New Times,
New Thinking.

  1. Election 2024
  2. UK Politics
12 September 2017

The end of the public sector pay cap doesn’t mean an end to wage cuts

Police and prison officers will still face real-terms cuts as inflation runs above pay. 

By George Eaton

As long anticipated, the government has announced that the public sector pay cap will be abolished from next year. “The government recognised in some parts of the public sector, especially in areas of skill shortage, more flexibility may be required, to deliver word class public services,” a No10 spokesman said (pay rises are presently capped at 1 per cent). But for the current financial year (2017-18), police officers will receive a 2 per cent rise and prison officers a 1.7 per cent rise (teachers and nurses are likely to benefit next year). 

The move represents an unmistakable softening of austerity. Public sector pay was frozen by the coalition government from 2011-13, with rises capped at 1 per cent thereafter. The public sector is also hiring at its fastest pace since 2015, having been cut to its smallest size since 1999. 

The deficit, meanwhile, is forecast to rise from £46bn last year to £58bn this year. And Philip Hammond is expected to announce in his autumn Budget that that the deadline for eliminating the deficit has been extended from 2025 to 2027 (having already been extended from 2022). His predecessor George Osborne had, of course, vowed to eradicate the deficit by 2015. 

But though softened, austerity has not ended. As Labour and the trade unions will be quick to note, inflation is currently running at 2.9 per cent (with the RPI measure at 3.9 per cent), above the pay increases awarded to the police and prison offices. As a result, though the public sector pay cap is over, wage cuts are not.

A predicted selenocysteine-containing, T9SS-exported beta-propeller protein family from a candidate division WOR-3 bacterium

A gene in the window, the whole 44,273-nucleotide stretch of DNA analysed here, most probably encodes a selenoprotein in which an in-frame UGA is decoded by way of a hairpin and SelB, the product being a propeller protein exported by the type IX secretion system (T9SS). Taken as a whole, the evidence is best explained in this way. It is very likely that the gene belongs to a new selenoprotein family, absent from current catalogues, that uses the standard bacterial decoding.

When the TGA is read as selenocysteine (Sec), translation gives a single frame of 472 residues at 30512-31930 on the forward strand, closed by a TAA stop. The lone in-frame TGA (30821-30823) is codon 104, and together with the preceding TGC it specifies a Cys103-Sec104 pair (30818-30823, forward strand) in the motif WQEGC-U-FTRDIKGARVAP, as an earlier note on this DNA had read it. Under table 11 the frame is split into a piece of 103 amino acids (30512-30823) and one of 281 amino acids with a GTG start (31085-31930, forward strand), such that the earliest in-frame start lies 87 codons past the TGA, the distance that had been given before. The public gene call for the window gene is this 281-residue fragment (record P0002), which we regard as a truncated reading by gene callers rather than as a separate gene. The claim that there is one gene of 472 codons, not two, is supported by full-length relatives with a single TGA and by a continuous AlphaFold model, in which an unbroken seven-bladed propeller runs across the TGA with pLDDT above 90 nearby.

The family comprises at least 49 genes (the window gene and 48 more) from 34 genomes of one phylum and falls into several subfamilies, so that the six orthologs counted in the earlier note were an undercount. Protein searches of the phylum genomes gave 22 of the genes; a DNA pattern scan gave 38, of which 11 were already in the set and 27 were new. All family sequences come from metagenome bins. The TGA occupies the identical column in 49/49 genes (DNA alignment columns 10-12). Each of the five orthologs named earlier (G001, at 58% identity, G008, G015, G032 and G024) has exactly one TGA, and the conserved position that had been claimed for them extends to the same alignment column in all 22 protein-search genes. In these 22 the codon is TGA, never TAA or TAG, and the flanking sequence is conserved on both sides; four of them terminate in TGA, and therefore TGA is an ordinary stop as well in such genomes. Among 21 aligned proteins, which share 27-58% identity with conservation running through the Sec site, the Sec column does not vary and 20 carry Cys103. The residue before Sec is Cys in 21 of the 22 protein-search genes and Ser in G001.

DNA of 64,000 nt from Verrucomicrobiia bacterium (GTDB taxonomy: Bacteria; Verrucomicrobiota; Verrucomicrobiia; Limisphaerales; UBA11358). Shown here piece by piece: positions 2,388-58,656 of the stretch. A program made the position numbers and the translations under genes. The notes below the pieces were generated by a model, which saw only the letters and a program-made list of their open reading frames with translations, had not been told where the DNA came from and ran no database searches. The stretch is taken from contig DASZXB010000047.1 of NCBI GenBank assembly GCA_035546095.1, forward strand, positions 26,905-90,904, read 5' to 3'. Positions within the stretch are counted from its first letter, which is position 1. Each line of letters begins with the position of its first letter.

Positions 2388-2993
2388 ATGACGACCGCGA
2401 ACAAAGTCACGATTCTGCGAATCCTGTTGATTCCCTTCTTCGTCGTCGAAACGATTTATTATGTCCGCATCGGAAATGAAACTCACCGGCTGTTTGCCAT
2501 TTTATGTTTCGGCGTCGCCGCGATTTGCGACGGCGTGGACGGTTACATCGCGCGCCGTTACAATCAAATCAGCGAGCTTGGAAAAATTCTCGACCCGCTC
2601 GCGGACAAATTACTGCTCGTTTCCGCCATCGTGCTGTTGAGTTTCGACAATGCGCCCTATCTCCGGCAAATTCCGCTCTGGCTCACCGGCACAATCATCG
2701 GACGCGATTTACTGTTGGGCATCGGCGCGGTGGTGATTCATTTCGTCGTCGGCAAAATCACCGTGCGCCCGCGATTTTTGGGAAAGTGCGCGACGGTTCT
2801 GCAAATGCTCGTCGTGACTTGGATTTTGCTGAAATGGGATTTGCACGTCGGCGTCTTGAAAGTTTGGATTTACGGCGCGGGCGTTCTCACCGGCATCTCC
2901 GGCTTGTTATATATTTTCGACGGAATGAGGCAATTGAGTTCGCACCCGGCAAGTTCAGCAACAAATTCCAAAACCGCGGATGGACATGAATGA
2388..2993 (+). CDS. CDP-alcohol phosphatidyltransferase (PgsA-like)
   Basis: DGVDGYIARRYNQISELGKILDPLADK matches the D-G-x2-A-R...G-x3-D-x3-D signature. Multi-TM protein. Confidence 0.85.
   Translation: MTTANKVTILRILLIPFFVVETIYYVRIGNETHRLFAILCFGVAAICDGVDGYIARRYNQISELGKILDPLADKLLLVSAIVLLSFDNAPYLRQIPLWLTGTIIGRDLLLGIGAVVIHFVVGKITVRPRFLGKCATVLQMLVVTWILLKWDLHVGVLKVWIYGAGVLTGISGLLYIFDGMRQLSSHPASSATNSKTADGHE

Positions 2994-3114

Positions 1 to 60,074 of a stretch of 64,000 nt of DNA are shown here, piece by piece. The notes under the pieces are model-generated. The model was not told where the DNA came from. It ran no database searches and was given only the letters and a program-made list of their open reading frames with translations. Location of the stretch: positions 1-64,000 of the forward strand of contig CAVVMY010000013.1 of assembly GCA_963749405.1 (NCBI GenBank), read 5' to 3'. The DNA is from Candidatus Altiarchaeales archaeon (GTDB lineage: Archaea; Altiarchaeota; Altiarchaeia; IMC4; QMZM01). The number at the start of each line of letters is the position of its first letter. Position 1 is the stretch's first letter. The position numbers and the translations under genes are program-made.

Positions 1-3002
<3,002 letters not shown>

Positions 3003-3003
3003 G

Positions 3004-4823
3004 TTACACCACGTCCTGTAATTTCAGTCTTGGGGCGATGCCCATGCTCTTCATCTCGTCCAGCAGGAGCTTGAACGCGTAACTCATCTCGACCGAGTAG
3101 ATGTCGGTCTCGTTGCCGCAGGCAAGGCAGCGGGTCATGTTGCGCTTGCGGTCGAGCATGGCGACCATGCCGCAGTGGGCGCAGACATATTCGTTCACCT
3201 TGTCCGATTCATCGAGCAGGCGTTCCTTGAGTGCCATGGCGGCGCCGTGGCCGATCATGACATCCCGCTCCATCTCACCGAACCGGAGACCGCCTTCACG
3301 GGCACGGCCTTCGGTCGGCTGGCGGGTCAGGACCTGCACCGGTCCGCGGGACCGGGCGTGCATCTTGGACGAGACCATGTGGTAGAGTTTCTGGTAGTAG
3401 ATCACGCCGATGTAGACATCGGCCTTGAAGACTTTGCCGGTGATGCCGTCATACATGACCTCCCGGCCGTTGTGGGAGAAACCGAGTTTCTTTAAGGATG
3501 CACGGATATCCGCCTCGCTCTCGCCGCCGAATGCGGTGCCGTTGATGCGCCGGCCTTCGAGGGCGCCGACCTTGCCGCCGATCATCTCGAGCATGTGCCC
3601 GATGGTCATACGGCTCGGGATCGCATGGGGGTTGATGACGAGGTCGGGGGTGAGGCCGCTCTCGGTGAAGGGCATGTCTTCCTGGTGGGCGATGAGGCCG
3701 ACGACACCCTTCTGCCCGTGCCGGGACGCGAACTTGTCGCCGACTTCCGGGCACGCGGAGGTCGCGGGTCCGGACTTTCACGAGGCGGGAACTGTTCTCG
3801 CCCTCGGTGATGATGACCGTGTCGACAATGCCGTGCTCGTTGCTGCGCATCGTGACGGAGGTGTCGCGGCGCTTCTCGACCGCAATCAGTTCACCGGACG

Select and enter your email address Your weekly guide to the best writing on ideas, politics, books and culture every Saturday. The best way to sign up for The Saturday Read is via The New Statesman's quick and essential guide to the news and politics of the day. The best way to sign up for Morning Call is via
  • Administration / Office
  • Arts and Culture
  • Board Member
  • Business / Corporate Services
  • Client / Customer Services
  • Communications
  • Construction, Works, Engineering
  • Education, Curriculum and Teaching
  • Environment, Conservation and NRM
  • Facility / Grounds Management and Maintenance
  • Finance Management
  • Health - Medical and Nursing Management
  • HR, Training and Organisational Development
  • Information and Communications Technology
  • Information Services, Statistics, Records, Archives
  • Infrastructure Management - Transport, Utilities
  • Legal Officers and Practitioners
  • Librarians and Library Management
  • Management
  • Marketing
  • OH&S, Risk Management
  • Operations Management
  • Planning, Policy, Strategy
  • Printing, Design, Publishing, Web
  • Projects, Programs and Advisors
  • Property, Assets and Fleet Management
  • Public Relations and Media
  • Purchasing and Procurement
  • Quality Management
  • Science and Technical Research and Development
  • Security and Law Enforcement
  • Service Delivery
  • Sport and Recreation
  • Travel, Accommodation, Tourism
  • Wellbeing, Community / Social Services
Visit our privacy Policy for more information about our services, how Progressive Media Investments may use, process and share your personal data, including information on your rights in respect of your personal data and how you can unsubscribe from future marketing communications.

Content from our partners
We need an urgent review of UK pensions
The future of private credit
Peatlands are nature's unsung climate warriors